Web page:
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Higher Education: Improving Quality

Volume 710: debated on Monday 14 March 2022

For the first time ever, the Office for Students is setting minimum thresholds for completion and for progression rates to graduate jobs. We are also consulting on stopping the uncontrolled growth of low-quality courses.

The hon. Member for Warwick and Leamington (Matt Western) suggested that it was an injustice to introduce minimum requirements for going to university, but does the Minister agree with me that the greater injustice is that one in five students feels that their course did not add any value to their career? Moreover, the reforms to interest rates will now mean that nobody will pay more than they borrow in real terms.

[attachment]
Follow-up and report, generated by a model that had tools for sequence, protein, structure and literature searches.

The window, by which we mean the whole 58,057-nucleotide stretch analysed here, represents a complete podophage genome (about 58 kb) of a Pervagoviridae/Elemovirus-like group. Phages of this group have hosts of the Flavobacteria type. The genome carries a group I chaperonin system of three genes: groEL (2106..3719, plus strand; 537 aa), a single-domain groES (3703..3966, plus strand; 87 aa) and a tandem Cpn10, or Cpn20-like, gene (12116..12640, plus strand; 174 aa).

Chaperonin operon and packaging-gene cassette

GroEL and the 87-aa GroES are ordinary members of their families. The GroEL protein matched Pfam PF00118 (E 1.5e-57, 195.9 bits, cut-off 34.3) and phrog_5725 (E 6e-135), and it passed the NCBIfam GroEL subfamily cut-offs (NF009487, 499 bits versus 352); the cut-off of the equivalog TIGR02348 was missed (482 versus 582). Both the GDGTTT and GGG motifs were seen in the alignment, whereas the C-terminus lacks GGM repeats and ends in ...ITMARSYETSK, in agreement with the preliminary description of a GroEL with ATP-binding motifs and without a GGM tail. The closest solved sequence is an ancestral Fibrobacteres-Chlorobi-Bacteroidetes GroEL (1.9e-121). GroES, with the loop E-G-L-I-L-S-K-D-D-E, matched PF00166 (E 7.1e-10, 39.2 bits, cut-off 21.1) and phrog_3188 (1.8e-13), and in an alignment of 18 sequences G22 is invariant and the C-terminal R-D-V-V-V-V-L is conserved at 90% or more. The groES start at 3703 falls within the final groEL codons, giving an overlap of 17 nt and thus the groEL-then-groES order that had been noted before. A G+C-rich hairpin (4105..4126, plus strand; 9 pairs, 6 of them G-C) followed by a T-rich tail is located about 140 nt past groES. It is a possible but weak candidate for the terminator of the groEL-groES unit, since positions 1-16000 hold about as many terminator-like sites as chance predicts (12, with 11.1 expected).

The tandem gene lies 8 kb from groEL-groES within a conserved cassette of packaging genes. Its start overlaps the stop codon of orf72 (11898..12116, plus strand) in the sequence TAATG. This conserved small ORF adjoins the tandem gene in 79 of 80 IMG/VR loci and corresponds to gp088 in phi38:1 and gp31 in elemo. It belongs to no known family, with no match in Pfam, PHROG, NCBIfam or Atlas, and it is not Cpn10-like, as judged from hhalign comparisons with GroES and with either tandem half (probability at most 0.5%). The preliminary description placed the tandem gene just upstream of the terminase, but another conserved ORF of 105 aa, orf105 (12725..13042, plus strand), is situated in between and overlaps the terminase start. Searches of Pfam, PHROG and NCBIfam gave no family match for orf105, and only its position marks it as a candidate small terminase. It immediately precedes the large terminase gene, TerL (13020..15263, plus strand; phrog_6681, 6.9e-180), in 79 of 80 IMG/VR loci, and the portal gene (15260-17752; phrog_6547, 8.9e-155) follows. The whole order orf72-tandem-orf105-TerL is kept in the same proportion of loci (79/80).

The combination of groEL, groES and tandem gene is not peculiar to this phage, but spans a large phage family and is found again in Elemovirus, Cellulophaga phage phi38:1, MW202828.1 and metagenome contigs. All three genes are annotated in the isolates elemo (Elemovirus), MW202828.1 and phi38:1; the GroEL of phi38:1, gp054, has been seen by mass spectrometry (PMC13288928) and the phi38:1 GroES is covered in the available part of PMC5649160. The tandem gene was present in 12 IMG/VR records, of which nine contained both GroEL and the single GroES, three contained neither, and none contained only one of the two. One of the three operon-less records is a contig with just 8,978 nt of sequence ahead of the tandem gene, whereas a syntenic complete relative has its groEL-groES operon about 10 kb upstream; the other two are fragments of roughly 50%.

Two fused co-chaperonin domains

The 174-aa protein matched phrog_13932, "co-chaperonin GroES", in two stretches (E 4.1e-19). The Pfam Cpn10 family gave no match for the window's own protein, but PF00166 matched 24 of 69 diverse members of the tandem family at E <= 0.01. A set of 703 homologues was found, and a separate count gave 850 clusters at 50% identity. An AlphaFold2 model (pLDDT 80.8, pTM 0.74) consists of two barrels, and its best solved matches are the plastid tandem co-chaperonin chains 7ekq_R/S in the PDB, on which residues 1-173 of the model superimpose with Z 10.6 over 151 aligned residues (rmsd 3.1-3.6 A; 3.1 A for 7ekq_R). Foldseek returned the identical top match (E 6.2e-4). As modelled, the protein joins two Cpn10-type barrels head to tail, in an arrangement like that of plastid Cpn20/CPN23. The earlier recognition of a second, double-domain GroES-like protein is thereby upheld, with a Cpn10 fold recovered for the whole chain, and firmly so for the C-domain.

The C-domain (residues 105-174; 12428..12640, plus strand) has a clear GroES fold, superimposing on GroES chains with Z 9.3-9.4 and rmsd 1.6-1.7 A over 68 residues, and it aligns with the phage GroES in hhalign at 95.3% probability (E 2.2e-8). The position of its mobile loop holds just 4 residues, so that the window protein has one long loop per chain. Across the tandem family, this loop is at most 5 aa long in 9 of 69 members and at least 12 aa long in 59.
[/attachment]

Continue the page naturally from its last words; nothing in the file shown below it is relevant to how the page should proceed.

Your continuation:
My hon. Friend is absolutely right. From September 2023, we are reducing interest rates on student loans to the retail price index only. This, combined with the tuition fee freeze for over seven years, means that students can graduate with up to £11,500 less debt from the off.

I fully support the idea of minimum eligibility requirements to maintain the high quality of our degrees. However, will my right hon. Friend assure me that students who do not meet those requirements will have alternative routes open and available to them, including via foundation years or college courses, that will allow them to progress subsequently to university when they are ready?

I agree with my right hon. Friend. Too many young people are pushed on to courses that they are not ready for at the moment, which is why we are capping the cost of foundation years to enable more people to use this as an access route. We are also introducing the lifelong loan entitlement, which will make higher education and higher technical education much more flexible.